Bill Tammeus, a Presbyterian elder and former award-winning faith columnist for The Kansas City Star, says that the church should be embarrassed at the level of theological ignorance among the laity.
Almost 20 years ago, in response to what I saw as widespread biblical and theological ignorance among many people in the pews of Christian congregations, I began teaching a series of classes I called “Theology Even the Clergy Can Understand.”
It was a layperson’s examination of the basics of Reformed tradition (read Presbyterian) theology. I tried to cover such tiny subjects as God, Jesus, the Trinity, the Bible and the church.
I’ve been thinking about all of that recently because of some educational work I’ve been asked to consider helping with in my own congregation. In the process, I’ve reaffirmed my belief that we need to be able to articulate our faith in ways that reflect some effort to understand its complexities.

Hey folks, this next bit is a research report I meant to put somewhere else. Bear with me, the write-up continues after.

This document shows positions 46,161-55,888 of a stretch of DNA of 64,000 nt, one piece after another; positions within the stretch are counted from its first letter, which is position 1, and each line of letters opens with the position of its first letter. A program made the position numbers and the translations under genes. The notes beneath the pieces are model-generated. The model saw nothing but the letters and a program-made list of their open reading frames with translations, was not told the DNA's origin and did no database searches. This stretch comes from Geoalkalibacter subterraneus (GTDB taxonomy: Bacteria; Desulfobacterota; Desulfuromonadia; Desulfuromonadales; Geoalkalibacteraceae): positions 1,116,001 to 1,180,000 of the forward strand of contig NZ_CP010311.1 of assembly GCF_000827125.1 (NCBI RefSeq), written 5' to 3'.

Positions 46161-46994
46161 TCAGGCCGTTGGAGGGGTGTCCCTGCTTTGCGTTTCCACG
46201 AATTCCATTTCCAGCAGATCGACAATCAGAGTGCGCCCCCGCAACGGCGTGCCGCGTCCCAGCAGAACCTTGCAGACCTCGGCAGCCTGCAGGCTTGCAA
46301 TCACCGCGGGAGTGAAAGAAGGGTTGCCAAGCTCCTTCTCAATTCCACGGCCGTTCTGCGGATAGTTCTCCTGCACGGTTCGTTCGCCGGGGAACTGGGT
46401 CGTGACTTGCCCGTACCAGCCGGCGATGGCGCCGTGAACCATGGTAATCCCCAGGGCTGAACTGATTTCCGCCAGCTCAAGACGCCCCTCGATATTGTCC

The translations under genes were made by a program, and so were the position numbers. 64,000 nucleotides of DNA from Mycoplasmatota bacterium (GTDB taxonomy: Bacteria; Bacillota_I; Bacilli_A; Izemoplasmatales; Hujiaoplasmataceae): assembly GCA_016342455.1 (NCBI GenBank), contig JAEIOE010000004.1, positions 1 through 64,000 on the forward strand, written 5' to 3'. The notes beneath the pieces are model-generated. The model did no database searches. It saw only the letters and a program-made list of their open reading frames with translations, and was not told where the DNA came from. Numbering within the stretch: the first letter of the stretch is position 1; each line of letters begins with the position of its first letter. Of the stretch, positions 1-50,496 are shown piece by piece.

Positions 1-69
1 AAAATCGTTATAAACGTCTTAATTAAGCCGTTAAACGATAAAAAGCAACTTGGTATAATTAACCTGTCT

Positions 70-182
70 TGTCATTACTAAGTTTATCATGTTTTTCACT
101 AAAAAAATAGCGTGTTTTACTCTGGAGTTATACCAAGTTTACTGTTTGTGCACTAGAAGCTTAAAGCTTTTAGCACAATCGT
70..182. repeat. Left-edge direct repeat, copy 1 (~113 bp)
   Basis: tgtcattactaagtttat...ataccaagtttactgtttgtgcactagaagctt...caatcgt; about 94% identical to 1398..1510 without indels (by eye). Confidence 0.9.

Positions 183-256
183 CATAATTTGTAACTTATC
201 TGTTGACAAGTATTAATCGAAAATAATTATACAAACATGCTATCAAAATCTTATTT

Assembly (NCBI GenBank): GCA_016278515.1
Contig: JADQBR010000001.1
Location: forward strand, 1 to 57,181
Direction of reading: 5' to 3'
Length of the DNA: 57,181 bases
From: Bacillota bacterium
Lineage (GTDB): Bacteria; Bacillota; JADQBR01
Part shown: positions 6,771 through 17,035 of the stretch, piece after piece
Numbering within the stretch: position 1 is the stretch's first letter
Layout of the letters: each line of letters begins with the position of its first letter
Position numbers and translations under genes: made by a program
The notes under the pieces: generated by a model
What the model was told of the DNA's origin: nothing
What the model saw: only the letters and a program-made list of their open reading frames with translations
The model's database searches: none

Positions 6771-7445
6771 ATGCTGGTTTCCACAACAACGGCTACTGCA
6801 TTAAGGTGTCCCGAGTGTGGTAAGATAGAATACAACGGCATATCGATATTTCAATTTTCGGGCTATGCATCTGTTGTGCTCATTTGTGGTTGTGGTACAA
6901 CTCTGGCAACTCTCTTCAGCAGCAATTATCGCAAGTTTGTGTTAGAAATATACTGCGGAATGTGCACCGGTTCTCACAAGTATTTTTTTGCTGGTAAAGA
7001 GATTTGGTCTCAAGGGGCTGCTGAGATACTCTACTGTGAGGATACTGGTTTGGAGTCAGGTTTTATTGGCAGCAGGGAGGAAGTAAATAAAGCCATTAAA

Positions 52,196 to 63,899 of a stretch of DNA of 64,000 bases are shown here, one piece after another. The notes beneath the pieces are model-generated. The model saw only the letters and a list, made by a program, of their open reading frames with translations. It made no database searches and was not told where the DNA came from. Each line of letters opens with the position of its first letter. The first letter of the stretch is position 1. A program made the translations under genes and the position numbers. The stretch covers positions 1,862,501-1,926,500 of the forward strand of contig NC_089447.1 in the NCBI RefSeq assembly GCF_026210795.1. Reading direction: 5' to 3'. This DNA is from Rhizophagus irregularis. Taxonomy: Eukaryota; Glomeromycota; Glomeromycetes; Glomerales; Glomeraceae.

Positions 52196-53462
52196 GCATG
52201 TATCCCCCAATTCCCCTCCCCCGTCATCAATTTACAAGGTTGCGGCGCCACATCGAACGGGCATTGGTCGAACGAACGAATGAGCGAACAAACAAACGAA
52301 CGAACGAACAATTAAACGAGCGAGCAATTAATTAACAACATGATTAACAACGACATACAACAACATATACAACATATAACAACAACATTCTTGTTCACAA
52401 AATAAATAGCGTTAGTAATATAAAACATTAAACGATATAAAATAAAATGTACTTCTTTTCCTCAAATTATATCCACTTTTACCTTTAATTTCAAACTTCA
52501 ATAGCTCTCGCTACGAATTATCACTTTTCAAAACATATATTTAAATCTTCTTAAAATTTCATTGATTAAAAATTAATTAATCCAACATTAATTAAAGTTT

I’m not suggesting that people in the pews need to know how to compare and contrast the many theories of atonement or be able to discuss in detail the differences among amillennialism, premillennialism or postmillennialism.
But I do think it’s important to have read a few theologians or, at minimum, to have heard of them. I once served on a pastor nominating committee on which I was the only one to have even heard of Paul Tillich. It would be like Catholics never having heard of Karl Rahner — just heard the name, not even be able to describe anything about his theology.